Irish Will Try to Make Use of Any ECB-Greek Accord, Noonan Says
(See EXT4 for more on the euro-area financial crisis.)
Feb. 9 (Bloomberg) -- Ireland will seek to take advantage of any “arrangement” that Greece agrees with the European Central Bank on the country’s debt, as the government seeks help refinancing the bailout of the former Anglo Irish Bank Corp., Finance Minister Michael Noonan said.
“There’s a suggestion that there might be some arrangement made with the ECB,” Noonan said in an interview yesterday with Dublin-based broadcaster Today FM when questioned about Greece. “If that happens we’ll be watching it very closely and we’ll try to avail of that.”
While holders of Greek bonds face losses of more than 70 percent, Ireland’s government has insisted it won’t seek to impose any losses on sovereign bondholders. Noonan said in a separate interview that any concessions that Greece gets from the ECB may help Ireland’s negotiating position as it seeks to refinance about 30 billion euros ($40 billion) of so-called promissory notes used to rescue the former Anglo Irish, now known as Irish Bank Resolution Corp.
The ECB is prepared to swap its holdings of Greek government bonds to help cut the country’s debt burden, Dow Jones reported two days ago, citing unidentified people briefed on the talks. The agreement could reduce Greece debt by as much as 11 billion euros, Dow Jones said.
“I see it as strengthening our negotiating position,” Noonan said in a later interview with broadcaster RTE. “If the ECB are prepared to make this kind of concession to Greece, it would encourage me to think that they might be prepared to make a concession on the promissory note.”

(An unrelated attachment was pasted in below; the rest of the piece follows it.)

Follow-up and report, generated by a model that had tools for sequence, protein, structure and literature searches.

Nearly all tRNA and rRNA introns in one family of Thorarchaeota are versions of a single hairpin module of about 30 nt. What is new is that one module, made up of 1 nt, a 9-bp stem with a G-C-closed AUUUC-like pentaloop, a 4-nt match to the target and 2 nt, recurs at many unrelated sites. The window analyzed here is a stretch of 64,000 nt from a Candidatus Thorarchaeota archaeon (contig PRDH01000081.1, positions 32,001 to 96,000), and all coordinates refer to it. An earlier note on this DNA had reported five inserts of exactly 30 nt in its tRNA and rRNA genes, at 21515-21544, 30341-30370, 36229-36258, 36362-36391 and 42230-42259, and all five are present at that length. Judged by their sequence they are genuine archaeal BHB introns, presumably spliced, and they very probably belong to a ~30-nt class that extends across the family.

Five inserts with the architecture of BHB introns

Irish bonds have delivered the best returns in the euro area in the past year, as the ECB bought the nation’s debt and investors grew more confident that the government will be able to pay its bills.
Irish bonds returned 20 percent in euro terms over the past year, according to an index compiled by Bloomberg and the European Federation of Financial Analysts Societies. Ireland’s October 2020 bonds, regarded as the benchmark, yielded 7.01 percent yesterday, down from 9.67 percent on Nov. 25.
“The government’s been very clear that it is not looking for the private sector to take losses on its debt,” Brian Devine, chief economist at Dublin-based NCB Stockbrokers, said by phone. “While it may look to avail of a deal along the lines of what is being considered by the ECB for its Greek bonds, it would need to be very clear that it would not have negative implications for the country’s privately-held bonds.”
--Editors: Dara Doyle, Eddie Buckle
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